More Than Just a Trade: Master Craftsmen of the Building Arts



On Plastering:

There's an old saying that "plasterers never die." Our plasterers today, working at the skilled trades, the masters is 65 and 70, and still working. I don't know; there's something about it. I spoke to a plasterer's son who was a physician, and I asked him, "Why do plasterers live so long?" He said it was the exercise. You realize a plasterer exercise his legs, his arms, his body. He have motion, he's motioning with his hands. And though we have our good times, they [old-timers] had their banquets. You'd have your wine and fish. The plasterers would go hunting and fishing and then they'd have a big banquet at the union hall. And they'd eat and drink and that's what make them live so long.

--Earl Barthé, Platerer

"Pointing" is probably 60 percent of the job. We make pieces in sections, or there is pointing brick, which is coming back and filling the joints. Pointing plaster is when you come and scratch out cracks in the ceiling or in the molding and you come back and rebuild with leaf tools or pointing tools so you can build fine little detailed leaves or little moldings. We manufacture our pieces in ten or 12-foot lengths. We mechanically fasten it and we fasten it with plaster or some other type of adhesive depending on what we are going to. Then we point all the joints in the whole room. That is the real detail, tedious work. If you have some of these larger leaves which are jumping off three or four inches off of the moldings and you have to miter them, you have to carve the leaves right there on the job. That's pretty much it.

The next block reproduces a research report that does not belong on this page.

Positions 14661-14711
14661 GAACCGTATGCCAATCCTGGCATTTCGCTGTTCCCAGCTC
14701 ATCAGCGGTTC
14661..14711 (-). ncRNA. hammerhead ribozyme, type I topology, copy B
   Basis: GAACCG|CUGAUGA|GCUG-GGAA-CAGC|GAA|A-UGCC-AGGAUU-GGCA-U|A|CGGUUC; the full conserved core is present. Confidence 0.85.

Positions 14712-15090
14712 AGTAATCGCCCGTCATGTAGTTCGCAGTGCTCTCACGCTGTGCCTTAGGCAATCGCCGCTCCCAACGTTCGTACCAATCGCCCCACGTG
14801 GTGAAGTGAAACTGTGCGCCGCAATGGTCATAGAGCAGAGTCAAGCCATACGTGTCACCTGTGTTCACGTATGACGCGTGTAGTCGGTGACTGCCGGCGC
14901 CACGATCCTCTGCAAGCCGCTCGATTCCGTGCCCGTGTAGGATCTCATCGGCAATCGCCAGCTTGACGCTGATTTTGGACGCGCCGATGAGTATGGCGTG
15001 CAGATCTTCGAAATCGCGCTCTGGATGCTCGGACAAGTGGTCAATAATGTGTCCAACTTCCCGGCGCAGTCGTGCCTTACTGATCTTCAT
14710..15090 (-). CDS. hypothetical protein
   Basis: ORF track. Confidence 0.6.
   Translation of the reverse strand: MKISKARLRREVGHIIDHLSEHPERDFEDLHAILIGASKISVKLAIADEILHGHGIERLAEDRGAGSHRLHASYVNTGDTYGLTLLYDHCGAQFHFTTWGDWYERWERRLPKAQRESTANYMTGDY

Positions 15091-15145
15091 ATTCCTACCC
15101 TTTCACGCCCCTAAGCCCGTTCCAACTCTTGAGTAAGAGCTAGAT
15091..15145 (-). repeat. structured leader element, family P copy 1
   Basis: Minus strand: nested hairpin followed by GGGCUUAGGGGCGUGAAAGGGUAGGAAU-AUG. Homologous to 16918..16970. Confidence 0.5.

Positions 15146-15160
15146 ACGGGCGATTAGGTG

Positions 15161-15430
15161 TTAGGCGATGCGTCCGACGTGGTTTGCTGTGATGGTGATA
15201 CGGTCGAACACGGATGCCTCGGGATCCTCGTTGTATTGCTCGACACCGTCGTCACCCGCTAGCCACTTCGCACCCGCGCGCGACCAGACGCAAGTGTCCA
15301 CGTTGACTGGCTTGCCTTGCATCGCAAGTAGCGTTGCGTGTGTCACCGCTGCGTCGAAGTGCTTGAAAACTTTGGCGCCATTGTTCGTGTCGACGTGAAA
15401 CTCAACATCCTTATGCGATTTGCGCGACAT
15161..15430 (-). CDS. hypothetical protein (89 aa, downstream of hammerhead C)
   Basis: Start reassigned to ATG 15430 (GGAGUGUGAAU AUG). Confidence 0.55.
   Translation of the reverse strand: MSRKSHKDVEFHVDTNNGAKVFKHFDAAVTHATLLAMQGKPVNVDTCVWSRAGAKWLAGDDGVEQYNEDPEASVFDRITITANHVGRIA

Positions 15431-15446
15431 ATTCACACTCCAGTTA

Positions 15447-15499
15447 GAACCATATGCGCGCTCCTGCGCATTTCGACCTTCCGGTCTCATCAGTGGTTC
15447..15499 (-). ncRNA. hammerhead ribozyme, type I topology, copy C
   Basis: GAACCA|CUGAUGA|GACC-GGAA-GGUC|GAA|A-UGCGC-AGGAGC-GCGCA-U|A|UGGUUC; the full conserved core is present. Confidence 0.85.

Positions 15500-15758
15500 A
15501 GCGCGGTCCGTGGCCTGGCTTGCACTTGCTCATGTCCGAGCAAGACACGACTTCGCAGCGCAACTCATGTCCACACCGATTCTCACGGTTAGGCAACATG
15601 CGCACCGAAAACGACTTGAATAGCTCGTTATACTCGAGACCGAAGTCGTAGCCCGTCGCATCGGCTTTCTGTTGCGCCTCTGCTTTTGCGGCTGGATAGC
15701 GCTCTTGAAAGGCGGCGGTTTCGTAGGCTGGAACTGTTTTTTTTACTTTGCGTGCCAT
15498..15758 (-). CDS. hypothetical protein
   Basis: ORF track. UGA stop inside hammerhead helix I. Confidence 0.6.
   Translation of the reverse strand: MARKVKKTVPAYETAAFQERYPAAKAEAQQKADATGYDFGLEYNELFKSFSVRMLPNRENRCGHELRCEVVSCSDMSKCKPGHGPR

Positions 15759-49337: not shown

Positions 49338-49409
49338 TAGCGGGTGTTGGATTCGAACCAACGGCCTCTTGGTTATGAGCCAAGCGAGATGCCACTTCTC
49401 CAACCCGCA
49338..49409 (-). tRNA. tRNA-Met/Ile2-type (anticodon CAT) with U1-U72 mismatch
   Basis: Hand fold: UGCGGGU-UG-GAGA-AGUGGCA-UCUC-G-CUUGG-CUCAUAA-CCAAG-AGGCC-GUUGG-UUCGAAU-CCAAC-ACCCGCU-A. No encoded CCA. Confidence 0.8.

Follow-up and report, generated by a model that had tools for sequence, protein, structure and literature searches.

--Tommy Lachin, Ornamental Plasterer

Plaster is considered a three-coat system. The first coat is called "scratch." Today we use metal lathe. You nail that on the wall and it's wire [mesh], and you put your first application on top to seal the wire. Once that's hard and sealed, the next day, before it gets real hard, you pass a tool on it that's called a scratcher. What it does is score it, put lines in it. The reason for that is because it lets the next application adhere. That application is to straighten the walls and ceilings out perfect. That is called the "brown coat." The next coat is called the "finish."

--Alan Sumas, Plasterer

[To be a good plasterer] you got to be sort of ambidextrous 'cause you got to use the right hand and left hand. You got to have good eyesight and good feel for the trade.

--Amdee Castenell, Plasterer

Tevis Vandergriff, his father, and the people that worked for him were just unbelievable artisans. They were fantastic. I worked with them our whole life growing up on different jobs. Every job we worked on, they worked on. They all worked almost until their eighties, and then they retired and now they don't do plaster work anymore. And the art of those guys, the way they do it, and how good they were—I've never seen plasterers, any plasterer, that was as good as they were.

--Jason Hartegen, Millwright

There is an Italian family named Lachin [Albert and son Tommy] who were among my dad's best friends. This guy was in the business of modeling columns. Generally, you look at [their] column and think they are made out of marble—well, this guy would make pre-cast columns, and my dad would frequently be the one to set the columns. This man had these skills that he would make clay models, of statues of the Virgin Mary, for example. He was truly an artist. I used to love to go in and see him. When I would go in, even as an adult, I'd be wandering around the shop just to see what new stuff he was doing. I'd ask him all kinds of questions and stuff. He was a wonderful man.

--Teddy Pierre, Brick Mason

Plasterers were interviewed as part of the New Orleans Building Arts Project. Laura Westbrook edited More than Just A Trade: Master Craftsmen of the Building Arts in 2004 for publication online.